Monday, March 19, 2012

Dead, Dry Bones Come to Life in Wittenberg: The Latin School Will Teach Once Again

Both Martin Luther and Philipp Melanchthon worked tirelessly to introduce a proper educational system in German Saxony. One of their success stories was the Boys’ Latin School in Wittenberg, established in 1533. Here the students obtained a proper classical education whose foundation was Jesus Christ. This school, and others like it, became a strong support structure for the Reformation, as the students were taught the faith as well as the Trivium and the Quadrivium. Students in the upper level studied Hebrew and Greek, and some of them went on to Wittenberg University to become Lutheran pastors. Even now, this system of classical education has left its mark in our present Concordia system. Today in the city of Wittenberg there is a remnant of that system which is being resurrected.

The Wittenberg Boys’ Latin School was founded under the watchful eye of Luther and Melanchthon in 1533 (there was a girls’ school as well). In 1564, the school moved to a new building, across from Luther’s church, the Stadtkirche (also known as St. Mary’s or Town Church in English). That building, like many centuries-old buildings, has survived a number of iterations, including life as a publishing plant and a clothes factory, having now stood empty for nearly two decades. It was built on the site of the old Wittenburg ossuary. The Christians whose bones have been found in a dig beneath the building await the trumpet call when Christ will return and bring their bones back to life. Similarly, as the carcass of this old building is brought back to life, the dead, dry bones of unbelievers will come to life as the saving Gospel of Jesus Christ once again issues forth from this building.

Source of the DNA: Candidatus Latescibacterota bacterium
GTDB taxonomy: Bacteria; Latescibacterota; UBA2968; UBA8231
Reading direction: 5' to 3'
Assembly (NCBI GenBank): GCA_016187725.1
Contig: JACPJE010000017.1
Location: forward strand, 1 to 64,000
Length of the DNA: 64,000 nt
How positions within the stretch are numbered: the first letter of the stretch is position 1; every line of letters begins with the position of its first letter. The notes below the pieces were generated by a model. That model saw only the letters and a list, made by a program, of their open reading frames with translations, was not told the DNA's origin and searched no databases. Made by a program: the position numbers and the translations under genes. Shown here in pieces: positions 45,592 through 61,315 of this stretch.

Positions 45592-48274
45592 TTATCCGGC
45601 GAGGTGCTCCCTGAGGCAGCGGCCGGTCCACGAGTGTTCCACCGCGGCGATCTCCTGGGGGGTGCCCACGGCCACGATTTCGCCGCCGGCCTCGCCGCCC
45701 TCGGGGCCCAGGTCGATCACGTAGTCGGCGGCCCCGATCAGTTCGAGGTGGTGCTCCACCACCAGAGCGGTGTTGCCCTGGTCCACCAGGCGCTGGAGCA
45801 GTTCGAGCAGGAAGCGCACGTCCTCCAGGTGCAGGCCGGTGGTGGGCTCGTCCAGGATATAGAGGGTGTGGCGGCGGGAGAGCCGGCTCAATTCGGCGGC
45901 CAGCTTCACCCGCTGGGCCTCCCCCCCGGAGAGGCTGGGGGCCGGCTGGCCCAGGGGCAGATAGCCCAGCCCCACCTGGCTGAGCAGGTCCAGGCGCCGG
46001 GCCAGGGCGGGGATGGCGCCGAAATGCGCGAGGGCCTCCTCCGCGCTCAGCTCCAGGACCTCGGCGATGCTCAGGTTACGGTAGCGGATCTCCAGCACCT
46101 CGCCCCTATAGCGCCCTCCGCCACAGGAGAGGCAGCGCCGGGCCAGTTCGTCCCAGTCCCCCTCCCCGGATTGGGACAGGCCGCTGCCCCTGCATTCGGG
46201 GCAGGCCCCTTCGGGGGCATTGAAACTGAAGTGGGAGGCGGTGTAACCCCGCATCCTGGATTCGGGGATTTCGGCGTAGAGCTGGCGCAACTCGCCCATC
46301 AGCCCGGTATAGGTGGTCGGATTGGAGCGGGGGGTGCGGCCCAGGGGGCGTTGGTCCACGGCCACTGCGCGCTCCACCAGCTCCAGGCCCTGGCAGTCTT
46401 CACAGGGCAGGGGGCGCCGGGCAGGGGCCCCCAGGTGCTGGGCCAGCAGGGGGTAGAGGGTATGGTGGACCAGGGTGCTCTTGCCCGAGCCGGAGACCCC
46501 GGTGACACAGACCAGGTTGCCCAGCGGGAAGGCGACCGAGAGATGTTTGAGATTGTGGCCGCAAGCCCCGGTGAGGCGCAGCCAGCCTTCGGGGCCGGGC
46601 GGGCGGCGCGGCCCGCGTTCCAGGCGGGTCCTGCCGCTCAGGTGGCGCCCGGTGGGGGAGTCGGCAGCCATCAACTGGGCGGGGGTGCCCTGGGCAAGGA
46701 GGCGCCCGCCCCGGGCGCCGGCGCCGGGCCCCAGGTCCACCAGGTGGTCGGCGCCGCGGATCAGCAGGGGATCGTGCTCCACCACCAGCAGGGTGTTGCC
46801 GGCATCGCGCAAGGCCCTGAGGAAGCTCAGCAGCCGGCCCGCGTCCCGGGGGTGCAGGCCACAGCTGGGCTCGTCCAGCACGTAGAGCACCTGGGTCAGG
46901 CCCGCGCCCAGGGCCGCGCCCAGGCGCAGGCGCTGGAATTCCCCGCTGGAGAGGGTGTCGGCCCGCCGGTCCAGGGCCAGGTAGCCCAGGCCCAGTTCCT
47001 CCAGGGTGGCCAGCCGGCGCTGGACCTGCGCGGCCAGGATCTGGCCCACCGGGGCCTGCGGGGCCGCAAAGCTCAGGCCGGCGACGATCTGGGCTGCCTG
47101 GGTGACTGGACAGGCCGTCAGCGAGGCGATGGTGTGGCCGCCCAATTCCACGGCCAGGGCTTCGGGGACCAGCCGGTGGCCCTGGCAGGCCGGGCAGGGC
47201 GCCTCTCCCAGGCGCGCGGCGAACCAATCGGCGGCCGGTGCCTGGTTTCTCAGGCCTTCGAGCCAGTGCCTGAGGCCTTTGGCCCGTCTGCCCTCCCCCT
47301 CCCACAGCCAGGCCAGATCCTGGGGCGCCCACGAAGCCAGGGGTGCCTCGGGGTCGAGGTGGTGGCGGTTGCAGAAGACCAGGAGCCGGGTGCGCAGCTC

Part of the original plan for the building was to house a museum called the Martin Luther Experience. That portion of the plan has been scrapped due to monetary constraints. While a museum would have been nice, I can’t help but be excited about the enduring legacy that will be created by present and future Lutherans who will come into contact with the Gospel here. The building is currently being remodeled, with appointments for
  • Educational and cultural programs
  • Short-term guest housing for visitors, scholars, teachers and students – especially from LCMS universities and seminaries
  • Research and writing
  • Historical exhibits
  • Dining and fellowship
  • A welcome center
The Wittenberg Latin School will teach once again, as the Lord restores dead, dry bones to life through His Gospel. Here’s a video taken by President Matt Harrison which shows the interior of the building:

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